To test whether microprocessing and splicing of miR-211 are coupled through direct protein-protein interaction or secondarily through simultaneous interaction with a common primary transcript, we performed co-IP analyses in the presence and absence of RNase A (Figure S3C). Transfection of FLAG-Drosha followed by anti-FLAG IP identified association of U1, U2, U4, U5, and U6 snRNAs even at high concentrations (60 ng/mL) of RNaseA. These data demonstrate that Drosha can directly interact with the spliceosome independently of contacts with primary transcripts, as suggested previously [5], [9], [13]. Therefore, one possible explanation for reduced microprocessing of intronic miR-211 from the melastatin mini-gene after perturbation of 5′SS recognition (either by the 5′SS mutation or knockdown of U1-specific SNRNP70) is that Drosha interaction with intronic miR-211 is stabilized by the spliceosome complex formed at the 5′SS.

To assess whether perturbation of the spliceosome assembly at the 5′SS affects Drosha binding to miR-211-containing intron, we analyzed the association of WT and mutant melastatin mini-genes with Drosha (Figure 3D). Anti-FLAG-Drosha IPs were assessed by qRT-PCR for spliced and unspliced mini-gene RNA. We calculated IP efficiency using the formula: (mini-geneIP/GAPDHIP)/(mini-geneINPUT/GAPDHINPUT). Thus, a value of one indicates no enrichment of that RNA in Drosha IP despite background detection of both mini-gene RNA and GAPDH in IP, which we minimized through extensive washing and gentle elution with FLAG peptide. Consistent with decreased miR-211 microprocessing from 5′SS mutant mini-gene, 5′SS mutation decreased Drosha association with the unspliced mini-gene RNA by two fold. Also consistent with modestly increased miR-211 microprocessing from 3′SS mutant mini-gene, 3′SS mutation increased Drosha association with the unspliced mini-gene RNA by three fold. Additionally, only knockdown of SNRNP70, but not U2AF65 or PRP4, significantly reduced the association of the WT mini-gene with Drosha by 1.5 fold as assessed by anti-FLAG immunoprecipitation after splicing factor depletions (Figure 3C). As expected, no enrichment of the spliced mini-gene RNA in anti-FLAG-Drosha immunoprecipitates was observed for all mini-gene constructs. Thus, the 5′SS recognition complex assembly promotes the association of Drosha with miR-211-containing intron 6 of melastatin, increasing microprocessing.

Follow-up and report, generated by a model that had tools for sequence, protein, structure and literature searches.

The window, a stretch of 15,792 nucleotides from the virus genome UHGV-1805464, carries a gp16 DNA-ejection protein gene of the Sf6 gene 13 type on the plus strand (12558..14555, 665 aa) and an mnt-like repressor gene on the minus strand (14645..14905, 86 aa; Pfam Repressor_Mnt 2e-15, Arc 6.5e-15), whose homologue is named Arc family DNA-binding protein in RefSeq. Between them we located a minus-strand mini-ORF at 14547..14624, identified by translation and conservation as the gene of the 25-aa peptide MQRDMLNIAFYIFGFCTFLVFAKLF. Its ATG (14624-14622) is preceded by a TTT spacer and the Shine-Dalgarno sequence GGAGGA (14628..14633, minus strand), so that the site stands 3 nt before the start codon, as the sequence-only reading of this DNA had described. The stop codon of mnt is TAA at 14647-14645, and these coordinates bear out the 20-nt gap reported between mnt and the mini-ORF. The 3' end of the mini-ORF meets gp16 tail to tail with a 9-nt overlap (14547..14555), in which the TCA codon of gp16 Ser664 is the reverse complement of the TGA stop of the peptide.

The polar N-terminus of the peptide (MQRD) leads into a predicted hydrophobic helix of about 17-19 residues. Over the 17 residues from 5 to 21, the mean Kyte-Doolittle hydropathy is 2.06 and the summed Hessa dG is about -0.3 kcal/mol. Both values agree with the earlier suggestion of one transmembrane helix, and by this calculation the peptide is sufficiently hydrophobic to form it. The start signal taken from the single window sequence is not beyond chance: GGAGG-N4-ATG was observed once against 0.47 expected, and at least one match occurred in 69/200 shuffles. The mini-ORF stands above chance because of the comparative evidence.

A previously-proposed model suggested that splicing and microprocessing of intronic miRNAs were functionally-independent processes [2]. These studies demonstrated that intronic miRNAs can be processed from unspliced introns in cells and that microprocesing occurs before splicing completion in vitro. These studies also showed that the presence of an intronic miRNA did not affect (and in some cases modestly decreased) splicing efficiency, while spliceosome assembly modestly increased microprocessing. Our data is consistent with the model of microprocessing preceding splicing completion. Specifically, we demonstrate that U1 recognition of the 5′SS precedes and promotes Drosha binding to and microprocessing of miR-211 or miR-124, which precedes and promotes completion of splicing in an intronic context-independent manner. Moreover, we identified novel, interdependent, mutually-cooperative Microprocessor and spliceosome activities at the miR-211 locus that are directly coupled through protein-protein interactions [2], [13]. Consistent with a positive effect of splicing on microprocessing, introducing a miRNA hairpin within a synthetic intron improves the silencing efficiency of RNAi vectors [29]. It is possible that sequence determinants (e.g. miRNA hairpin loop, miRNA hairpin flanking sequences, exonic or intronic splicing enhancers and silencers, or other contextual parameters) affects coupling between microprocessing and splicing of intronic miRNAs.